Posted at 10:11 AM on October 8, 2009
by Than Tibbetts
Filed under: Race
Perhaps because it wasn't much of a shock, or because Michelle Obama herself hadn't made any public effort to shed light on her distant past, but the revelation that Mrs. Obama is descendant of African-American slaves comes as a simple underscore to the history of a nation that has struggled to deal with race issues.
If there was a surprise after genealogist Megan Smolenyak and The New York Times examined the records and determined Mrs. Obama's ancestry, it was that Obama's great-great-great-grandfather was white; he fathered a child with enslaved and illiterate Melvinia Shields.
In 1850, the elderly master of a South Carolina estate took pen in hand and painstakingly divided up his possessions. Among the spinning wheels, scythes, tablecloths and cattle that he bequeathed to his far-flung heirs was a 6-year-old slave girl valued soon afterward at $475.
In his will, she is described simply as the "negro girl Melvinia." After his death, she was torn away from the people and places she knew and shipped to Georgia. While she was still a teenager, a white man would father her first-born son under circumstances lost in the passage of time.
As complex a path as Michelle Obama's to the White House may be, the story resonates with a little bit of that "yea, well..." feeling. That feeling where you're not quite sure what something means, and you're already late for your 10:30 meeting.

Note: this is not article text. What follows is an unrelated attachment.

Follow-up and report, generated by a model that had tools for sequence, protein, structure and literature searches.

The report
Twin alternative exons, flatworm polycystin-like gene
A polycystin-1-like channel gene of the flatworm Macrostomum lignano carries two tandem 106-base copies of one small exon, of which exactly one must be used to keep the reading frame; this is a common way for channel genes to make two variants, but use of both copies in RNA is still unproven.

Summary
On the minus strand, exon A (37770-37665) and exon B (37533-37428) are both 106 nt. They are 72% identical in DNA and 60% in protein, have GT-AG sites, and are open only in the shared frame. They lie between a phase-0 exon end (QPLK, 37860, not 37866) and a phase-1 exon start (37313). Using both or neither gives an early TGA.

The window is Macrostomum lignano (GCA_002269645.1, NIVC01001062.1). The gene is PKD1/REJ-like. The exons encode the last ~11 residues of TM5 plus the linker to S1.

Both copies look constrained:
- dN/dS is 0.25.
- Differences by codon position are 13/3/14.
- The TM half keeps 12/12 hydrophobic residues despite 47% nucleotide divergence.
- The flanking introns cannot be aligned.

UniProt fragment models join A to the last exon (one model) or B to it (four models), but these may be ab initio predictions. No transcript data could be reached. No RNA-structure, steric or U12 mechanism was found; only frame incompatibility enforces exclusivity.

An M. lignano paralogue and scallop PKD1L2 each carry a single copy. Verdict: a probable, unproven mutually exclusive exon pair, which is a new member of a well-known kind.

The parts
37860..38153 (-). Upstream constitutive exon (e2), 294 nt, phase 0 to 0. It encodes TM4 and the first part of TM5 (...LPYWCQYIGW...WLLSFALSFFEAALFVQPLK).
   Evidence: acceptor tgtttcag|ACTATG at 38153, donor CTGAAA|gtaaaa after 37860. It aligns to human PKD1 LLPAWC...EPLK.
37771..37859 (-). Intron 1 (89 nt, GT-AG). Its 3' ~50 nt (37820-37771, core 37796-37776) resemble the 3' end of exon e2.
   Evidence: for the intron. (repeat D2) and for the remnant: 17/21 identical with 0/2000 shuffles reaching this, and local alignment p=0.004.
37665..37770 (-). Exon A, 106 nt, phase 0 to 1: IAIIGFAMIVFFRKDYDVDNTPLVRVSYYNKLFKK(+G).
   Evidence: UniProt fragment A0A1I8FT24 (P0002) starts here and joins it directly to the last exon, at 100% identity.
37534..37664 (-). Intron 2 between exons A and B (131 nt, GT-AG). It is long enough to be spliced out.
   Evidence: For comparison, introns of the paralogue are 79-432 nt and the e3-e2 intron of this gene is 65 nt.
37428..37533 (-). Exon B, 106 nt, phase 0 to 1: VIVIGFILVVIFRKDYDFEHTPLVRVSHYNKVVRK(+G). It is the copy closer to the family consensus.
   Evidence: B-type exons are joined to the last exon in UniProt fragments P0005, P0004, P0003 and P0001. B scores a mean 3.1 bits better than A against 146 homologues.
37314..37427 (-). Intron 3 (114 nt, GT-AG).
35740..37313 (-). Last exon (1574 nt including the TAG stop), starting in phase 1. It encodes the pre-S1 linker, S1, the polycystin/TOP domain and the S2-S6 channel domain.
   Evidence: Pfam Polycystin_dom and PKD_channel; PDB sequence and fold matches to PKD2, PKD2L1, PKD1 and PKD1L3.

That Michelle Obama now lives in the White House — a house that slaves helped build — is surely a sign of progress in American society. That, before her husband became president, eight presidents owned slaves while in office leaves a sour tinge on the praise we casually heap on the country's forefathers.
While President Obama's biracial background has drawn considerable attention, his wife's pedigree, which includes American Indian strands, highlights the complicated history of racial intermingling, sometimes born of violence or coercion, that lingers in the bloodlines of many African-Americans.
Admittedly, my background as a young, white male from Minnesota limits my ability to put this in proper context. Does this mean anything to you, dear readers? Is this one more step towards a realized, post-racial society, or just fodder for presidential trivia?